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Time’s A Wastin’ To Legalize Single Event Sports Betting

Single Event Sports Betting

Time’s A Wastin’ To Legalize Single Event Sports Betting

Casino gambling came to Windsor 26 years ago. I opposed it because City Council didn’t listen to my cries for a referendum.

Unencumbered, the Ontario Lottery and Gaming Corporation (OLG) barged ahead and opened a temporary casino in the old Art Gallery of Windsor in May of 1994. Another temp, the Northern Belle Riverboat Casino, opened in December of ’94.

Windsor was off to the races as Ontario’s first legalized gambling trailblazer. The temporary houses proved to be such a money cow that the permanent casino was bought and paid for by the time it opened in 1998, and the OLG built the art gallery a new edifice to boot.

Detroiters had previously opposed legalized gambling in two referendums, but couldn’t open three temporary downtown casinos fast enough when they realized that Windsor was eating their lunch.

How the tables have turned!

In 2020, it appears certain that Detroit will beat Windsor to the punch by introducing single event sports betting while the Canadian government continues almost a decade of dithering.

Following a ruling by the U.S. Supreme Court legalizing single game betting, Michigan was among the first 20 states to sign it into law on December 20 last year.

Single event betting differs from parlay betting, like Pro Line, where gamblers combine multiple individual bets into one bet.

The three Detroit casinos need to acquire licences before wagering begins, although there is a possibility that could be rushed through in time for the “March Madness” college basketball tournament, starting March 17.

Windsor West MP Brian Masse is the single event crusader on this side of the border, after taking over the file from NDP brother, Joe Comartin, who retired in 2015.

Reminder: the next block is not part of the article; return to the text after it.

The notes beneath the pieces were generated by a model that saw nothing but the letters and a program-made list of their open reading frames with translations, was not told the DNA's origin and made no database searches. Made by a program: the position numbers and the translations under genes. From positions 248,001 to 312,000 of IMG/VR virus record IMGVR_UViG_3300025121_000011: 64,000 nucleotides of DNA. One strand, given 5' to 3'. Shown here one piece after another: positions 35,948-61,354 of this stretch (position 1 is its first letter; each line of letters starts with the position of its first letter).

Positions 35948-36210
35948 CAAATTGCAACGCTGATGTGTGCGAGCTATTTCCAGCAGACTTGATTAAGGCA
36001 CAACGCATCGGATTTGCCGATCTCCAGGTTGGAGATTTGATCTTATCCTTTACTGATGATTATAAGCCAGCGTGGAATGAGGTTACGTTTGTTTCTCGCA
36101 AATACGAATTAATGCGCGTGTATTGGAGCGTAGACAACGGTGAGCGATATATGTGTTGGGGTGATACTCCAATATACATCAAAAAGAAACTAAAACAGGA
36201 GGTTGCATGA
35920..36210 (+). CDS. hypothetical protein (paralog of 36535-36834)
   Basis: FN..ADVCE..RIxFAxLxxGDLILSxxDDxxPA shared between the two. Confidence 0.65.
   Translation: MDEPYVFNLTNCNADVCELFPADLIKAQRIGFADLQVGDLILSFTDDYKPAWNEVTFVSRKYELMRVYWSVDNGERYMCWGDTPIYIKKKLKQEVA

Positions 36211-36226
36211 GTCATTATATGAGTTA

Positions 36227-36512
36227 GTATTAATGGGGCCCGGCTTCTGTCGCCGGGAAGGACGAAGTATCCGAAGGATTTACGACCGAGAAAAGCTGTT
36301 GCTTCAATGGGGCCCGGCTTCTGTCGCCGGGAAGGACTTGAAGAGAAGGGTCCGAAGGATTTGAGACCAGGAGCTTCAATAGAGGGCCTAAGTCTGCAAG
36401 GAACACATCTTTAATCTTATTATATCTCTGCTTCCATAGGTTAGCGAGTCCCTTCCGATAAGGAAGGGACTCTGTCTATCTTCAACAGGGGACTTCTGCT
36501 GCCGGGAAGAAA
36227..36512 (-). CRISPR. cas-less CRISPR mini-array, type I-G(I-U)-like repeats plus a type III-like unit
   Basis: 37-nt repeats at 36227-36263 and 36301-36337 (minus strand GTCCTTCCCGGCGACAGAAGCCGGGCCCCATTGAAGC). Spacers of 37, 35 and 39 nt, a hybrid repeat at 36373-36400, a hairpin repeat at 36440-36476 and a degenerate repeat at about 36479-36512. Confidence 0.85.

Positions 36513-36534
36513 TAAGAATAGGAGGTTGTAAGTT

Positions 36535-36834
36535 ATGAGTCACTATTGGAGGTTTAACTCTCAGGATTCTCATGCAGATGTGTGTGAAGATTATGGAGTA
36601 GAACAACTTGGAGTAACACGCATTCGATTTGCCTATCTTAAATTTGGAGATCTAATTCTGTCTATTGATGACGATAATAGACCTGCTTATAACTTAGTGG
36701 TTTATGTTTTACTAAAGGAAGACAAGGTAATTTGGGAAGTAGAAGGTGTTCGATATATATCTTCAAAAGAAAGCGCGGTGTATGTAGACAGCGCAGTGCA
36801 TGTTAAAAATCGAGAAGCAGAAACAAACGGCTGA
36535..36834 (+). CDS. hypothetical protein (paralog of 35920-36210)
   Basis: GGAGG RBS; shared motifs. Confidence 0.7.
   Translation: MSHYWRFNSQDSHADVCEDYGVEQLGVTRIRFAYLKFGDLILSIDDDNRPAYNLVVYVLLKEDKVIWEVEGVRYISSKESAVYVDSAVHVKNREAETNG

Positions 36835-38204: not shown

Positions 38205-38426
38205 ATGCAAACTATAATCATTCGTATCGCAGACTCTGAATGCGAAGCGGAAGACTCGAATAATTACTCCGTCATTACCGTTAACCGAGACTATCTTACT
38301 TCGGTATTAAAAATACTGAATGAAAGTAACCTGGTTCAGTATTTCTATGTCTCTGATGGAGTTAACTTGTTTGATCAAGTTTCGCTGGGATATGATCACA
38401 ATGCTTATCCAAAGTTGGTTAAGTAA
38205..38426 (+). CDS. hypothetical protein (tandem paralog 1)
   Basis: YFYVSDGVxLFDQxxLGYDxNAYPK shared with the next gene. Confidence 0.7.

Comartin won support from all parties for his private member’s bill for legalization in the House of Commons in 2012, only to see it stall in a dysfunctional senate and not brought to a vote.

Since then, the Liberals have shown little interest in amending the criminal code to make single game betting legal, even after the changed circumstances in the U.S. have raised fears that Michigan casinos will pilfer customers from casinos across Canada.

Federal Justice Minister David Lametti, buttressed by Prime Minister Justin Trudeau, has indicated that gambling reform is not a priority. It’s small potatoes compared to other matters like the First Nations rail blockade.

This maddens Masse, who notes that professional sports leagues no longer oppose single game betting, an about face from 2012 when the senate faced heavy lobbying from major league baseball. The premise then was that legalization could lead to the fixing of games to cash in on big bets.

So what’s the problem now?

“They just can’t be bothered,” fumes Masse, essentially accusing Trudeau’s government of being lazy. “This issue is the poster child for how the Liberals just don’t want to work.”

Masse and Irek Kusmierczyk, rookie Liberal MP for Windsor-Tecumseh, organized a round table of Windsor’s community leaders from business and labour, on December 17, 2019, to highlight the urgency of the matter.

Masse went on a road trip in mid-January 2020 to ramp up support and awareness from Casino Woodbine and Fallsview Casino Resort in Niagara Falls. He dropped off an online petition at Trudeau’s office.